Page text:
Series Review: Nate the Great

Rating: ★★★★☆

Nate the Great is an extensive series of easy-reader mysteries.  Nate, a young sleuth with a  penchant for pancakes, is finishing breakfast when he receives a telephone call from a friend who has lost a picture.  He walks to her house (considerately leaving a note for his mother) and uses observation and deductive reasoning to determine what happened to the picture.

Within the confines of a limited early-reader vocabulary, the writing in this series is above average.  Each story unfolds with enough suspense to hold interest and provide reading practice.  The mood is obviously reflective of the old-fashioned detective genre, as evidenced by this cheery exchange:

“I don’t know how to thank you,” Annie said.
“I do,” I said.
“Are there any pancakes left?”
I hate to eat on the job.
But the job was over.

In general, the books I have read from this series reflect a wholesome appeal.  They are often funny, and they introduce the concepts of observation and deduction.  Most importantly, they provide an enticing opportunity to exercise newly-attained reading skills.  Some books in the series do deal with Halloween themes, though, so parents may want to scan them first before handing them to eager readers.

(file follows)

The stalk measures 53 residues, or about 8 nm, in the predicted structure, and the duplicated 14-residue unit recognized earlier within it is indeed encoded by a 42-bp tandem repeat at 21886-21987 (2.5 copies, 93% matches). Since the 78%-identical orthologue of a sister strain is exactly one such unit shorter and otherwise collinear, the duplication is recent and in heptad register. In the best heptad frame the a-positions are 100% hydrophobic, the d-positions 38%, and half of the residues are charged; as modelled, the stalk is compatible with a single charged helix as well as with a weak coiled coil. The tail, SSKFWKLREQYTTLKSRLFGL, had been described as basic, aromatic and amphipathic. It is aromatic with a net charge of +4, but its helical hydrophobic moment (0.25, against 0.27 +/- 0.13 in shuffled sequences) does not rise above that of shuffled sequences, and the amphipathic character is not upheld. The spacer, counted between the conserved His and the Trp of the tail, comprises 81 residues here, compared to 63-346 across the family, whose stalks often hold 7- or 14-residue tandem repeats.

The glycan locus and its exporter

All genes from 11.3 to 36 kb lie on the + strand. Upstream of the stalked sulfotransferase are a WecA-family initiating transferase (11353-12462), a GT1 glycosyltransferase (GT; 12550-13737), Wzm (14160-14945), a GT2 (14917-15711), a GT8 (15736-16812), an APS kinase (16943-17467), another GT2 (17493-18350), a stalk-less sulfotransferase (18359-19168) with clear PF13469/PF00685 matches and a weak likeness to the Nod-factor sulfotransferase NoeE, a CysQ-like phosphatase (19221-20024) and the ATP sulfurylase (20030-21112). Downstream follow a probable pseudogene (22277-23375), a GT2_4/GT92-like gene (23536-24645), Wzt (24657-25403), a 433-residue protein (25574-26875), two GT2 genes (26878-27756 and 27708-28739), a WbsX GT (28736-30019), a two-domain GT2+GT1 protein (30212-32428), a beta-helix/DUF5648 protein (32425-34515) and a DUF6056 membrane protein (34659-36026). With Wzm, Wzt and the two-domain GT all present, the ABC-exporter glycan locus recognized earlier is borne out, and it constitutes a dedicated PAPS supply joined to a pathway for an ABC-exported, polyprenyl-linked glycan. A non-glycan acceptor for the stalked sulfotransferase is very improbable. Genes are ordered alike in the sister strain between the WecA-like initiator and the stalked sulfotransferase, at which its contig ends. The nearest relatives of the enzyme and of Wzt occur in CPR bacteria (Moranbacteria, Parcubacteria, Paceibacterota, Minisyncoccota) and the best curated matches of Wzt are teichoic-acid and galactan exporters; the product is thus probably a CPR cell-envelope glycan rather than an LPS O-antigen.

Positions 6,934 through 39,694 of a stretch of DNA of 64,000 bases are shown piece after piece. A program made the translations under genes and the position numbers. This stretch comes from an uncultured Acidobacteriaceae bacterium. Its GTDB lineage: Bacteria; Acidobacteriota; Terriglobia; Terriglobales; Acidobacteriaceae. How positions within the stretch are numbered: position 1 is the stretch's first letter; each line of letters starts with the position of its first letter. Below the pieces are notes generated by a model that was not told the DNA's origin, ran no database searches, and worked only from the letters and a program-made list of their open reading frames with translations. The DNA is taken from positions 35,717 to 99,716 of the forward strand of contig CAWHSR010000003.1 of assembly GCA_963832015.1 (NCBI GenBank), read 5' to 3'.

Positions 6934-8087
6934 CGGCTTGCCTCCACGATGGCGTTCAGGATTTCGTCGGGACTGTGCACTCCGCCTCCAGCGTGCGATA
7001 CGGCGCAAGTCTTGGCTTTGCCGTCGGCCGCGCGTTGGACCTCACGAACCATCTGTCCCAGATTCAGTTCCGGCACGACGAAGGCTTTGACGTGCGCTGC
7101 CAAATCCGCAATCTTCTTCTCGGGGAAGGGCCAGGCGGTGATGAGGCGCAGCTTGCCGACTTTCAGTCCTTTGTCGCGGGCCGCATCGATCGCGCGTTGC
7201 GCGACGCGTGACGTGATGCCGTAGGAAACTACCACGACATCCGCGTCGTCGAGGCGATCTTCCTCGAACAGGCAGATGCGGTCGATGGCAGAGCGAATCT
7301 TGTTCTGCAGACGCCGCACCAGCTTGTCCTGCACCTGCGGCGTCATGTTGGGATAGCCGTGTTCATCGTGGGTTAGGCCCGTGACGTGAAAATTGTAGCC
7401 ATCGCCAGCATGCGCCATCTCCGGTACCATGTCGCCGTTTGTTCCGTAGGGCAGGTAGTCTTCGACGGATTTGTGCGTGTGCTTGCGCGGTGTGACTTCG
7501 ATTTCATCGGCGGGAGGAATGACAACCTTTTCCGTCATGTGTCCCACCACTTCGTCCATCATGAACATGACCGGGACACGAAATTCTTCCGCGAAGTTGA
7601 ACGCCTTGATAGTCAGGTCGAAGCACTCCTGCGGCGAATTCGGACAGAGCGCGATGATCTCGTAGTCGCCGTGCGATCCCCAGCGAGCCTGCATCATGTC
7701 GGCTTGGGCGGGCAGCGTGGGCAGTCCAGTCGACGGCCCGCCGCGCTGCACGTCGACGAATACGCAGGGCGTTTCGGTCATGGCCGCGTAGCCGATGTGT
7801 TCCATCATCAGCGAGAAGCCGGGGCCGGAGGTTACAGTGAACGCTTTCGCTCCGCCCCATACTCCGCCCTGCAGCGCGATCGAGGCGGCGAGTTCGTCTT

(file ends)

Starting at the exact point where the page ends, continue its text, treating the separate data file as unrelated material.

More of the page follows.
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Publication Information: Sharmat, Marjorie Weinman. Nate the Great. Simont, Marc (Illustrator). G.P. Putman's Sons. 1972. ISBN: 0385730179.
Categories: 4 Stars, Age 04-08,, Easy Readers

Posted on October 13, 2011

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